* Cushing crude stocks fall 1.5 mln barrels, U.S. total
gains - API
* Gasoline stocks fall 1.4 mln barrels, against forecast
* East Ukraine city calm after battle, rebels seek Russian
* Libya standoff emerges, Premier refuses to yield to
By Manash Goswami
SINGAPORE, May 29 Brent futures held near $110 a
barrel on Thursday on hopes of improved demand from the world's
top oil consumer, the United States, as a sharp fall in U.S.
gasoline stocks added to recent data pointing to a stronger
The brighter demand outlook is supporting prices, already at
elevated levels due to supply disruption concerns from Libya and
a widening rift between Russia, the world's top oil producer,
and the West over Ukraine. Still, investors see the market as
prone to a correction as some believe recent gains are overdone.
Brent crude traded 4 cents up at $109.85 a barrel by
0212 GMT, rising to as much as $110, after settling 21 cents
down. U.S. oil gained 16 cents to $102.88, after ending
down $1.39 as traders booked profits ahead of a government
report that is expected to show a build in overall crude stocks.
"Fundamentals haven't changed drastically, we know there are
still issues in Libya and Ukraine," said Ken Hasegawa, a
commodity sales manager at Newedge Japan. "Both crudes are
likely to fall because there have been lot of gains since the
early part of May."
The U.S. benchmark fell more sharply than Brent overnight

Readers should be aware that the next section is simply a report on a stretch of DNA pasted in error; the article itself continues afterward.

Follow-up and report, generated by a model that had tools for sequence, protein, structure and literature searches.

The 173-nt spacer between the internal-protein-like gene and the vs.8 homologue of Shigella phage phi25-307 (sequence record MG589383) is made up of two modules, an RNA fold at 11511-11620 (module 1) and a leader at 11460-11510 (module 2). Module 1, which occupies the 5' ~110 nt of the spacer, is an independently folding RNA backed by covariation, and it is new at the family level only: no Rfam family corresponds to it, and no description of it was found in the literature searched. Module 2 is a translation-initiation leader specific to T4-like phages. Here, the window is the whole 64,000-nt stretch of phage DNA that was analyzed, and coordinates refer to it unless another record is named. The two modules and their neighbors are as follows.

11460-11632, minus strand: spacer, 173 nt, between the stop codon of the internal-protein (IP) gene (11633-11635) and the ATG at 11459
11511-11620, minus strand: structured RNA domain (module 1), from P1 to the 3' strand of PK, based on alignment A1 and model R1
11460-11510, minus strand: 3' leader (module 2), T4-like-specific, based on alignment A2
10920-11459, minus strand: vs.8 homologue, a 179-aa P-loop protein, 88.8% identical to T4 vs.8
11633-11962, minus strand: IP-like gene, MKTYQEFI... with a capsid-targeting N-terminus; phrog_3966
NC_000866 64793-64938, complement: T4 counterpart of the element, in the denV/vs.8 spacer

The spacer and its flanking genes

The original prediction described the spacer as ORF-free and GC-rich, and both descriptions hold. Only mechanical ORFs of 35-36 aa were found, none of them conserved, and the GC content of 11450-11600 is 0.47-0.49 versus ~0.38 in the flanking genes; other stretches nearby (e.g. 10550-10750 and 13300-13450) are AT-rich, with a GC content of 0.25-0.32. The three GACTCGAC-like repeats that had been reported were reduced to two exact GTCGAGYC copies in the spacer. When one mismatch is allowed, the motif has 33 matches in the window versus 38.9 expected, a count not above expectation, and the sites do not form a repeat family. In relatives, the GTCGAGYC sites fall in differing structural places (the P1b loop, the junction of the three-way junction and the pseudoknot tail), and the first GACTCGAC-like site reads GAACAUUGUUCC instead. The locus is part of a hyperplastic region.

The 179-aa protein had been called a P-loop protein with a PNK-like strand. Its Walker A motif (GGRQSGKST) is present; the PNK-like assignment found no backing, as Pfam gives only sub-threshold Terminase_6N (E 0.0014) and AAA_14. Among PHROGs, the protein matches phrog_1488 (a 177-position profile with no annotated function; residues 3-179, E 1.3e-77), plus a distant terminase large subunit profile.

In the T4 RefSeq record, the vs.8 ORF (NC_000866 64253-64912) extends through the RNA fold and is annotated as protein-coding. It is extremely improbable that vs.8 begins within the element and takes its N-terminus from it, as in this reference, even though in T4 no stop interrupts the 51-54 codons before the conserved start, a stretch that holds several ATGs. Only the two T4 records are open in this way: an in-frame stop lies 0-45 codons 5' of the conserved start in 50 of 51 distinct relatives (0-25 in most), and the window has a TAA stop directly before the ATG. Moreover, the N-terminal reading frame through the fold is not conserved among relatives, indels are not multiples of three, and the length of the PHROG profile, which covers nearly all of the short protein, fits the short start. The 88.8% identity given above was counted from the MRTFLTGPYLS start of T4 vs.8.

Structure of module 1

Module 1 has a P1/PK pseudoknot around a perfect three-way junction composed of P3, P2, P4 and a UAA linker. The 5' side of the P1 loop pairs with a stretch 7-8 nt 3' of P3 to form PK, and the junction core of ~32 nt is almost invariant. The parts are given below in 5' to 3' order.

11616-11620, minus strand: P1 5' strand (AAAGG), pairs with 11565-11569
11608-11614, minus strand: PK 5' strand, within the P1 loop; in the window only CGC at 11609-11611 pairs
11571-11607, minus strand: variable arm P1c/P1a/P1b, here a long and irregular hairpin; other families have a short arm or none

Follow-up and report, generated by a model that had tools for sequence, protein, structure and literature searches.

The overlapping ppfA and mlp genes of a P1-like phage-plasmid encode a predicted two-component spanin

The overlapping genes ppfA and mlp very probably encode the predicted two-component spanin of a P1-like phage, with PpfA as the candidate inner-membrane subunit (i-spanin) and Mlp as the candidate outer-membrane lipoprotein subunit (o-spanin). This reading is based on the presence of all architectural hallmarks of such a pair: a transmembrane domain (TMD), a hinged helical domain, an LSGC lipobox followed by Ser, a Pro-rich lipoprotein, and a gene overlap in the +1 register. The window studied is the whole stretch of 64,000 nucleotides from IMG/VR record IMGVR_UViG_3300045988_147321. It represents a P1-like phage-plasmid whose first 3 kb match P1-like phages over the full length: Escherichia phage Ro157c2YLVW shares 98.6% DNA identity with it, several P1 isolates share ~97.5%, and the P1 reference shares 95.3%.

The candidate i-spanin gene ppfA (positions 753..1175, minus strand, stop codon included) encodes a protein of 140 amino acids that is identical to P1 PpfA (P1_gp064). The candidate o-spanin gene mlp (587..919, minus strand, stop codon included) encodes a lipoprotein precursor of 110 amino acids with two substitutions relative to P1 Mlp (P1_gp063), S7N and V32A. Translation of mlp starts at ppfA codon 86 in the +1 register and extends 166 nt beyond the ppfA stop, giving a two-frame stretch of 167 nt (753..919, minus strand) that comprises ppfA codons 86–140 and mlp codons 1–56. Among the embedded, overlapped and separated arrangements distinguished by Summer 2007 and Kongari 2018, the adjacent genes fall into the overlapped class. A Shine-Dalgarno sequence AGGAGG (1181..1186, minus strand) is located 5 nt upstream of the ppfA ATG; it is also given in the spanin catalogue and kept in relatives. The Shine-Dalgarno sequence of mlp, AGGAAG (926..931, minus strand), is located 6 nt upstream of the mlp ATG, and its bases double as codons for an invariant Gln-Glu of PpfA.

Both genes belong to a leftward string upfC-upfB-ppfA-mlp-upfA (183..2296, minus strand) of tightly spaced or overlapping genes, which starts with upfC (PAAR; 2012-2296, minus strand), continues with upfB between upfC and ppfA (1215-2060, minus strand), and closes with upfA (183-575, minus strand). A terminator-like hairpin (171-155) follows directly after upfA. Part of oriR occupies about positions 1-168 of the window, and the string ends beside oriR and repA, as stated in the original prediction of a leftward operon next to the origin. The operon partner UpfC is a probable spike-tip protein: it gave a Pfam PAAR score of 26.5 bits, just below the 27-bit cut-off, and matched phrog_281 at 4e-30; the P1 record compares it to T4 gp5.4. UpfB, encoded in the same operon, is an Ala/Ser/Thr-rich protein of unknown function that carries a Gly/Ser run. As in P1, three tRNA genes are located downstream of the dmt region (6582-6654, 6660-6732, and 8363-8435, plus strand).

because it failed to break past key resistance at $105 a barrel,
Hasegawa said. The contract may now slide further to below $100,
he said. Similarly, the European benchmark may slip to $107.
Brent has recovered nearly 3 percent from an intraday low of
$106.85 touched on May 1, while the U.S. benchmark has gained
over 4 percent in the same period. That increase, without any
change to fundamentals, is making both contracts vulnerable to a
correction, he said.
Crude stocks in Cushing, Oklahoma, the delivery point for
the U.S. benchmark, fell by 1.5 million barrels, data from
industry group the American Petroleum Institute showed. That's
helping overshadow the overall rise in inventories by 3.5
million barrels in the week to May 23 to 383.9 million, compared
with analysts' expectations for an increase of 483,000 barrels.
In addition, gasoline stocks fell by 1.4 million barrels,
compared with analysts' expectations in a Reuters poll for a
Investors are now awaiting data from the Energy Information
Administration (EIA) due later today to gauge the demand outlook
in the United States.
Additional support is coming from the worsening crisis in
Libya. Libya's acting prime minister, Abdullah Al-Thinni,
refused to hand over power to a newly elected premier after
questioning his legitimacy in a deepening confrontation among
the OPEC nation's rival factions.
The North African state, struggling with unrest since a 2011
war ended Muammar Gaddafi's rule, now has two prime ministers
and a parliament deadlocked by splits among Islamist,
anti-Islamist and regional adversaries.
Investors are also watching the situation in Ukraine, where
relative calm returned to the streets of Donetsk after the
biggest battle of the pro-Russian separatist uprising in eastern
Ukraine. Pro-Moscow gunmen have declared the city of a million
people capital of an independent Donetsk People's Republic. On
Wednesday their leader Denis Pushilin appealed again for
(Reporting by Manash Goswami; Editing by Richard Pullin)